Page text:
ROCK CREEK DRIFTER INSTANT DOWNLOAD
Rock Creek Drift Boat Plans PDF
Note: These plans consist of a booklet of 40 pages of text, drawings and photos on 8.5" x 11" pages. The printed version is black and white. The PDF file for instant download has color photographs. To save $5 and postage costs choose the download option by ordering from this page. For printed plans, click HERE
a drift boat with take-apart option
Aside from the take-apart option, this design is somewhat different from traditional drift boats. The wider transom and fuller bottom panel are designed to provide added stability to this compact lightweight design, and the plans include discussion of a number of options to customize according to how you plan to use the boat.
While the 2-part option can be useful and interesting, most versions of the boat will be built as the original one-piece 14 foot hull, and the 2-part option can also be done as a retrofit if it still sounds like a good idea later on. Using ply/epoxy techniques makes modifications like this easier than traditional wood boat construction, particularly for amateurs and first-timers, and requires a minimum of simple hand tools. The nested sections unbolt in minutes and can be hauled even in compact truck beds or car-topped. The aft section disconnected becomes a 9 foot pram equipped with adjustable seating and with the wide transom to provide extra stability for recreation or use with a motor.
Installing or adding useful modifications like waterproof bulkheads and decks provides dry secure storage, interior furniture and safety as emergency flotation. Using compartmentalization as structural support the boat can be built ribless, further simplifying construction and producing a more appealing and comfortable interior easier to keep clean and maintain.
The slightly detuned drift dory can be equipped for moderate whitewater and also makes a safe family recreational craft, and lightweight versions can even be cartopped to eliminate the legal and storage hassles of a trailer. Lightweights do carry more payload, but the real pleasure of a lightweight boat is realized mostly with the convenience of getting the boat to and from the water and in and out of the water. The option to build a standard lightweight or even an ultra-light version with the use of glass sheathing, taping and graphite hull reinforcements are all relatively easy to accomplish. And while the boat can be built using traditional methods or even a combination of materials and techniques, hardwood ply and epoxy is the nonpareil choice for lightweight versions.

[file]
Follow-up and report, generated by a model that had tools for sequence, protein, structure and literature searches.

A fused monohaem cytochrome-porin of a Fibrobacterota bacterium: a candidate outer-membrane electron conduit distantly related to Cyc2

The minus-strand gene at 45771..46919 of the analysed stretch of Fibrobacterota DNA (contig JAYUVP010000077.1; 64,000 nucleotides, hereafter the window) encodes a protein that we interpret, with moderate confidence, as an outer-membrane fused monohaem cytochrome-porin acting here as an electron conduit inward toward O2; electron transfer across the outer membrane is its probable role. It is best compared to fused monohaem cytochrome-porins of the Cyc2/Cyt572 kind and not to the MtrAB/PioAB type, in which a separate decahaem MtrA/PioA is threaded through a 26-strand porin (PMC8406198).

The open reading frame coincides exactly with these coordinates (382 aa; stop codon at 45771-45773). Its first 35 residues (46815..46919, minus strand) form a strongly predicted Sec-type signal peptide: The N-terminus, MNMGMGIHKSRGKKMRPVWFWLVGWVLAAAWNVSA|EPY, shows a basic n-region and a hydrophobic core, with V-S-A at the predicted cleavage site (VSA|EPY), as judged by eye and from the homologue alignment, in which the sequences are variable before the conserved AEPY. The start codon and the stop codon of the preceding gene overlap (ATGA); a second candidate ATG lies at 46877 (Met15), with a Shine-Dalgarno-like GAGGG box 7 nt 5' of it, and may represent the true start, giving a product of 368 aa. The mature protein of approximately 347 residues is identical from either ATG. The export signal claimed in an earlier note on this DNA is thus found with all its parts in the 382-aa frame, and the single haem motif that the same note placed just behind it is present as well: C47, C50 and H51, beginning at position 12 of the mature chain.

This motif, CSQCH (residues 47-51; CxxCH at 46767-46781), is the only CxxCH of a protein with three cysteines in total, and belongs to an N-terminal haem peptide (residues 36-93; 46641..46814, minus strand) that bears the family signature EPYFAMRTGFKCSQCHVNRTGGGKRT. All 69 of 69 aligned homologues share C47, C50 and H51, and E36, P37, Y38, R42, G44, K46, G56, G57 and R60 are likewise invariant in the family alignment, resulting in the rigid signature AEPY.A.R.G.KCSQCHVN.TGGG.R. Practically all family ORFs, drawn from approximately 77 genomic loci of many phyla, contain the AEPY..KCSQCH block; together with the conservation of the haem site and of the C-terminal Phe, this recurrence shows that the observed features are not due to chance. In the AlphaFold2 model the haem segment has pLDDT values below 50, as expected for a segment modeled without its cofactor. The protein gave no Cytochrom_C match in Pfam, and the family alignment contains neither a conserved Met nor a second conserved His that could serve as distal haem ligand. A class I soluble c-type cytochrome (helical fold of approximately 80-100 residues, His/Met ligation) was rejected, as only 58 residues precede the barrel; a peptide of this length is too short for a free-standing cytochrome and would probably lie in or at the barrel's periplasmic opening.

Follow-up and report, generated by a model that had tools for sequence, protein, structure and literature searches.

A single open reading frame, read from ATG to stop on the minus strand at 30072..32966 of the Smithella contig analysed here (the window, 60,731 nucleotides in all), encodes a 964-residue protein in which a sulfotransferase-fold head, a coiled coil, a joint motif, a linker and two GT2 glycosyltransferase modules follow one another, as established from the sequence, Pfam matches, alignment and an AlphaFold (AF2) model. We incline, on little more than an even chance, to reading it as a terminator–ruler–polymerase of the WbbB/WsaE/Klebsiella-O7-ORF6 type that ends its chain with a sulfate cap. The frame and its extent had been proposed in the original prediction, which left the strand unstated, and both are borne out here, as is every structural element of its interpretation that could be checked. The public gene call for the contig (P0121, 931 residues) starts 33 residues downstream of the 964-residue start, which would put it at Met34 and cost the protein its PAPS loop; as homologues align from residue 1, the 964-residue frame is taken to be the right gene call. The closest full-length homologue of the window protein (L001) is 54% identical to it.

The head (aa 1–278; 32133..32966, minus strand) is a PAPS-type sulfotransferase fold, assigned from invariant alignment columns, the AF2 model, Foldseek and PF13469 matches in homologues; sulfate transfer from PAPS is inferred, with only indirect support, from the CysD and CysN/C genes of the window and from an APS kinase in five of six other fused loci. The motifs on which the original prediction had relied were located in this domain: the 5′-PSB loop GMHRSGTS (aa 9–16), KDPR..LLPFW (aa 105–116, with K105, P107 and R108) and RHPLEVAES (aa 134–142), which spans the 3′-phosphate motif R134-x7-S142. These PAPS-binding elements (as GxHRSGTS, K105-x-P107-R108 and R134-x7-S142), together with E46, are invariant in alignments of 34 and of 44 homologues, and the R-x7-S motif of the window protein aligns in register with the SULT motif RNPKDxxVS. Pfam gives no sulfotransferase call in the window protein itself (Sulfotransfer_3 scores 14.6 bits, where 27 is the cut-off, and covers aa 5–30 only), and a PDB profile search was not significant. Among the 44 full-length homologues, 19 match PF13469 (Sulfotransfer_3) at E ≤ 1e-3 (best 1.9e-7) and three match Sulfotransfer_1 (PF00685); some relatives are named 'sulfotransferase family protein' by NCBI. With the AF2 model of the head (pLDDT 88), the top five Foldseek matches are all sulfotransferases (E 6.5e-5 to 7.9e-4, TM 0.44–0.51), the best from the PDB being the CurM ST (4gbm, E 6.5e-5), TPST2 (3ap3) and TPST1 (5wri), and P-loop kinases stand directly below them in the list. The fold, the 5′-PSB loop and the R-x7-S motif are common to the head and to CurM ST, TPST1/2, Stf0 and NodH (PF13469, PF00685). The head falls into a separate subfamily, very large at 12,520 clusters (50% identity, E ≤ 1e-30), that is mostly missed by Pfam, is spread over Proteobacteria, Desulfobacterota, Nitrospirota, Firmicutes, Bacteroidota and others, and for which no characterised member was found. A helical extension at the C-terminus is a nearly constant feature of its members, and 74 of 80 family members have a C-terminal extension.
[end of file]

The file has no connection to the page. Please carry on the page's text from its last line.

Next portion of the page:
Lightweight versions can weigh less than 135 pounds and are surprisingly durable, and the smallest of transom mounted trolling motors will push the hull. Lightweight versions with the optional graphite bottoms can be dragged with a tether over parking lots, down launch ramps and across gravel beaches, and the wear only makes them slicker. Not having to lift the boat off the ground has other unexpected benefits, as when loading or unloading you only have to lift half the hull at one time to prop it up on the racks, then slide it forward. At the campsite prop the hull up on its side for a windbreak or flip it upside down on logs for a picnic table or sleeping shelter.
Scheduled to publish in Outdoor Life magazine, the 30 page building plans are written for amateur builders, with sketches and photos, sources, step-by-step and discussion of options.
Builder Comments and Photos
Click the image above for photos from Don
Click the picture above for action photos from Don
Paul...my RCD is a one-piece hull and I built a small deck up forward so I can sleep dry in the boat even in the rain and I have rigged a small boom tent if I want more space for cooking. I do a lot of wildlife photography and the boat is good for camp-cruising. I built the lightweight version but I used 6 inch wide glass tape on the chines and reinforced the transom for one of my small motors and added a special compartment aft to isolate my fuel tanks, depending on how long a trip I plan. I can haul the boat atop my little Toyota truck and this spring I'm taking it to Haines Alaska and maybe into Glacier Bay and I hope to send you pictures of the boat alongside an iceberg. I liked the plans but it took me awhile to figure out how to make a nice epoxy fillet without having to sand them, like you suggested. Once I got up to speed on that everything worked. I painted the hull because the plywood I used didn't have that nice grain but it still looks pretty good.
Eldridge M. Idaho
The kids love exploring the back bay and all the marinas and islands here in Newport Harbor and sometimes I take it out the jetty into the ocean and just row around. I cartop it down from Santa Ana and launch it by myself behind a restaurant in the marina parking lot. I beefed it up in places and it weighs just under 150 pounds but I added some compartments and furniture inside the boat. I installed the bulkhead but we could never bring ourselves to actually cut the boat in 2 pieces.
Michael N. California
I added a little more rocker to the bottom like we discussed by email because I do use it mostly for drifting but I mostly like the wider transom for the extra space inside the boat. We think its just about the perfect boat for steelhead fishing for the boy and myself. This summer on my vacation we're doing a cross country trip and I'm taking the boat.
Larry Christianson, Oregon